Washington Law Review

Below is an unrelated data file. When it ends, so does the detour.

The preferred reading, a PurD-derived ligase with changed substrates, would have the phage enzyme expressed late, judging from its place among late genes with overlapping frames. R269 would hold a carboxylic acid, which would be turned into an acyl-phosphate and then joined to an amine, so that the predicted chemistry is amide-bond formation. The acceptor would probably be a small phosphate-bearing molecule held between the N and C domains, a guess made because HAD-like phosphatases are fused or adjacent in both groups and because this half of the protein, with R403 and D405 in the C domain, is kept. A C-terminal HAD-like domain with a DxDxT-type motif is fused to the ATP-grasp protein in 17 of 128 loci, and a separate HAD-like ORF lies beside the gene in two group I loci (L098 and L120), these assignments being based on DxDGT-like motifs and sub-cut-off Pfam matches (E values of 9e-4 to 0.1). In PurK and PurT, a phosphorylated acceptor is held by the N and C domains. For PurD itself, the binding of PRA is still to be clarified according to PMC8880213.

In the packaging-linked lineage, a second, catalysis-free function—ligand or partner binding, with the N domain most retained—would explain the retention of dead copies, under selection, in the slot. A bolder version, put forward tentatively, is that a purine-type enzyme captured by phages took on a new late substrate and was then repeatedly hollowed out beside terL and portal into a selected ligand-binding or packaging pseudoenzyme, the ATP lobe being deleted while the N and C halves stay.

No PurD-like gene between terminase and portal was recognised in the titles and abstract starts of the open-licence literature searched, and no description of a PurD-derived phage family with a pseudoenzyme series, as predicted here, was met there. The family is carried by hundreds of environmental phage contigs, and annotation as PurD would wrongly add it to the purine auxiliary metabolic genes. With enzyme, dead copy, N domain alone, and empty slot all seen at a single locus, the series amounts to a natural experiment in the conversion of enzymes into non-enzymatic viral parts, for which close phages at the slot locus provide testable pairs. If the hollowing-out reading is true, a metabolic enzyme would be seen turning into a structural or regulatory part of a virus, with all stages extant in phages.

The Indian Civil Rights Act, Title II of the Civil Rights Act of 1968, extended portions of the Bill of Rights to individual Indians as against their tribal governments and provided federal habeas corpus relief to review alleged violations of these rights. The Indian Bill of Rights marked the culmination of a complete reversal in federal recognition of Indian constitutional rights. Until 1965 federal courts had recognized Indian tribes as quasi-sovereign entities. Individual Indians were guaranteed their constitutional rights in relations with federal and state governments, but not with their tribal governments. The only rights Indian governments recognized when dealing with Indians were those guaranteed by tribal custom and tradition. In 1965 the Ninth Circuit Court of Appeals, in Colliflower v. Garland, held that federal courts may issue a writ of habeas corpus to determine the legality of detention of an Indian jailed by a tribal court without benefit of constitutional due process. Colliflower was reaffirmed and expanded in 1969 by Settler v. Yakima Tribal Court. The wisdom of Congress in adopting habeas corpus as a means of review must be examined. Habeas was the only means available to the courts, but not the only means available to Congress. This note will examine: (1) the inconsistency of Congress's adoption of habeas corpus relief; (2) the Indian tribal justice system; (3) the impact of traditional habeas corpus review on that system; (4) alternatives to habeas corpus review.

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